Plastic Bags Are Passing From Our Lives

Ever since New York City’s plastic bag ban went into effect, I’ve found myself in a strange state of mourning. It’s not like I don’t see the upside to reducing single-use plastics. But now that they’ve gone away, I’ve fallen in love with the plastic bags of the city I grew up in. You always want what you can’t have, I suppose.

I can’t believe it took me this long to realize that a plastic bag is a piece of culture in itself. Every time I crinkled up a bag and placed it below my sink, inside a bigger plastic bag, I was ferreting away a little piece of Noo Yawk, baby! Lately, I’ve been reminiscing about all the strange ways I've interacted with plastic bags—cue “Good Riddance (Time of Your Life)”—how I’d treasure and save the nice ones (i.e. Strand, Manhattan Fruit Market) to reuse for the most special occasions, inadvertently creating a complex plastic bag hierarchy I wasn’t even fully conscious of. Disposing of icky kitchen garbage is for the bags from the supermarket or the bodega, the type with menacing smiles that implore you to have a nice day. The more elite bags—the ones that are smooth, often transparent plastic as opposed to the crinkly, opaque stuff—are reserved for when I’m going away, and need to encase something I’m packing in plastic, or for bringing baked goods to my mom’s apartment.

I think about this invisible plastic bag pecking order, and I feel a deep tenderness. There is so much weirdness in the way that we are required to organize our lives—we form profound relationships with seemingly insignificant objects that we are forced to interact with over and over again. It’s not until something major happens, like the plastic bag ban, that you recognize the major role these little pieces of ephemera have in our lives.

I remember how cool I felt as a teenager, clutching one of those iconic black bags from a liquor store, and later, as a grown-up, moving to Greenpoint and feeling more and more connected with the neighborhood as my kitchen became populated with bags from Busy Bee Food Exchange, Rachel’s (a 24-hour fruit-centric grocery), and Xi’an Famous Foods. The other week, my sister took me to a Peloton class and I felt good after snagging a thick white (i.e. good quality) plastic bag from the locker room, knowing I would give it a good home underneath my sink, and likely repurpose it as a laundry bag for a vacation. Woven together, every plastic bag I acquired in the time before prohibition creates an account of my life in New York City.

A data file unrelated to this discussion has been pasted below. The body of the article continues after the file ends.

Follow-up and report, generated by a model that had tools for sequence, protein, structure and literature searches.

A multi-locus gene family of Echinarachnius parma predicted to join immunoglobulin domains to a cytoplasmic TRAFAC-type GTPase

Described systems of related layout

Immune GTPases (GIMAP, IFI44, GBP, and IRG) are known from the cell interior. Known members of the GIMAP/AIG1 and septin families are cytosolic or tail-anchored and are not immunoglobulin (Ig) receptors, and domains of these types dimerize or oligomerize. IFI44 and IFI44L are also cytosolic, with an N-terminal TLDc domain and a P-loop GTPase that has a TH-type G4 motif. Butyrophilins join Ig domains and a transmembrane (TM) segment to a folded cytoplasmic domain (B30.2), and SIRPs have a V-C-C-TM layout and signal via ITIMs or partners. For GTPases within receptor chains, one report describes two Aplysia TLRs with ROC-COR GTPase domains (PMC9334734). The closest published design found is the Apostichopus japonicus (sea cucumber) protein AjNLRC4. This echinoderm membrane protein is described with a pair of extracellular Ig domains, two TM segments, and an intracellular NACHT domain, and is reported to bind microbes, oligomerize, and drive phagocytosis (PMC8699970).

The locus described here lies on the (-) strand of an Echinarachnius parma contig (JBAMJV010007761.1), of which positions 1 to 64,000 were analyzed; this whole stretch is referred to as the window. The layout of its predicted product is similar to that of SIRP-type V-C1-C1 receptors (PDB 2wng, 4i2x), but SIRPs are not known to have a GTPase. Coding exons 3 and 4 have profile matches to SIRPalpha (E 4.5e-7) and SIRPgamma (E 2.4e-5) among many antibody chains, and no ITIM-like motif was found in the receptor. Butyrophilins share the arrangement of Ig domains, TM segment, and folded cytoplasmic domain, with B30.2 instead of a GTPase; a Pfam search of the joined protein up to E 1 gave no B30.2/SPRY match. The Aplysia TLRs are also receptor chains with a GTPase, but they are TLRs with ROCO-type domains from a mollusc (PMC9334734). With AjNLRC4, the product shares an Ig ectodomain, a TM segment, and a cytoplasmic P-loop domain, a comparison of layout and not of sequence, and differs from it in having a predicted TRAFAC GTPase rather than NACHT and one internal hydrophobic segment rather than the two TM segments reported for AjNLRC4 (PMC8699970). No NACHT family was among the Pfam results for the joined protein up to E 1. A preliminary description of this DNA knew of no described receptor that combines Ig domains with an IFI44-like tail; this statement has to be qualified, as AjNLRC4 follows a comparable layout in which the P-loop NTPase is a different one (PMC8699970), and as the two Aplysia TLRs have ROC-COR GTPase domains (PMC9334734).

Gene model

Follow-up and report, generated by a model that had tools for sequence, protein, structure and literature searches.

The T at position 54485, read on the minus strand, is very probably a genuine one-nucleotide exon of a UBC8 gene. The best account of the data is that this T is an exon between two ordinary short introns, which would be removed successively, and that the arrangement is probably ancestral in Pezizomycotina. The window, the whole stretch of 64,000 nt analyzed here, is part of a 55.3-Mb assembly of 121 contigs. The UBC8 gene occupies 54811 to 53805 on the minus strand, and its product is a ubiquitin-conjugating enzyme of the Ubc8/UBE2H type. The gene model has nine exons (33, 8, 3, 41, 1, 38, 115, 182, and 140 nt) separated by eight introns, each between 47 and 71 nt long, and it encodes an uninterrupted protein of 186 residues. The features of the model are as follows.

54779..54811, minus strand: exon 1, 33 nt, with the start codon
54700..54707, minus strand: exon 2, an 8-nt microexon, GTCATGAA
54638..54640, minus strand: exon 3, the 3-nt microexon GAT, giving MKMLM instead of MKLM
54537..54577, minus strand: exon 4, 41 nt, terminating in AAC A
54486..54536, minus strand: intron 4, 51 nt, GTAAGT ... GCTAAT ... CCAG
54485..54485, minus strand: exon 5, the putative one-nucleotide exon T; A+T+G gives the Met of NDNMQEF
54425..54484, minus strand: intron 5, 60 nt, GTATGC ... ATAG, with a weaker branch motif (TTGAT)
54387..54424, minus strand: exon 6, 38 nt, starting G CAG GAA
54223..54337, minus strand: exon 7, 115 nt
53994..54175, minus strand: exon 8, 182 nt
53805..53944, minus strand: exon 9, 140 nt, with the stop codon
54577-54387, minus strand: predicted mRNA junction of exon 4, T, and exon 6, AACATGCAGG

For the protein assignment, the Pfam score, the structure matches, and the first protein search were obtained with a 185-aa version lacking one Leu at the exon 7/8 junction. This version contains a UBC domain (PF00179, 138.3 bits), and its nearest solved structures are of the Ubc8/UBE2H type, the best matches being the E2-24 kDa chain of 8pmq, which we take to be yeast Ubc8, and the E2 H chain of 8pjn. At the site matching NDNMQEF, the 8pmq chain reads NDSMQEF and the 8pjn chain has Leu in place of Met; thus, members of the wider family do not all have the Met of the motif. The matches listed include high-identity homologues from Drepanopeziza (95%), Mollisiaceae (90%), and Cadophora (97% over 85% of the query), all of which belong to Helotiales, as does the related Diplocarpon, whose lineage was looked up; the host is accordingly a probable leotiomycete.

Sometimes, you don’t realize you love something until it goes away, and as it turns out, I fucking love plastic bags. I firmly believe that garbage like this—culture so low it’s not even considered culture—can tell you as much (or more) about our world as a novel or a piece of art. Your local grocery store’s plastic bag tells you more about your neighborhood than some shitty hipster mural. The Marvel’s Avengers-branded celery at the supermarket tells you more about the power of film in the early 21st century than an indie movie at your local arthouse cinema. Maybe I believe this because I’m a contrarian at heart, or because I have a sort of Hyper-Capitalist Stockholm Syndrome, but I’m forever struck by the grotesque artistry of movie tie-in fruit snacks, of pharmaceutical commercials, of “disposable” pieces of plastic that are adorned with beautiful flowers that will float around the planet for eternity.

(image via a great New York Times photo essay of plastic bags)

They're the ultimate intersection of culture, marketing, and literal garbage—and so am I.


Dear subscribers,

Long time no talk! Apologies for falling out of touch. What can I say? At the end of last year I fell into a depression and didn’t feel like writing, and I’ve been slowly climbing out of that for the past couple months. I recently quasi-quit social media, logging on as infrequently as humanly possible, only when I need to post a link, and it’s done wonders for my state of mind. Now that I’ve started consistently reading books again, I gotta say all the old ones are sexist as hell. It’s a real bummer! But nevertheless, books are pretty good.

In case you missed it, I wrote a defense of Billy Joel of the upcoming issue of VICE Magazine. Please, read it! It’s a fun one.

And if you liked this newsletter, tell your friends to subscribe. I’m forever trying to figure out how to communicate with the general public while shunning social media.

Lots of love,
Eve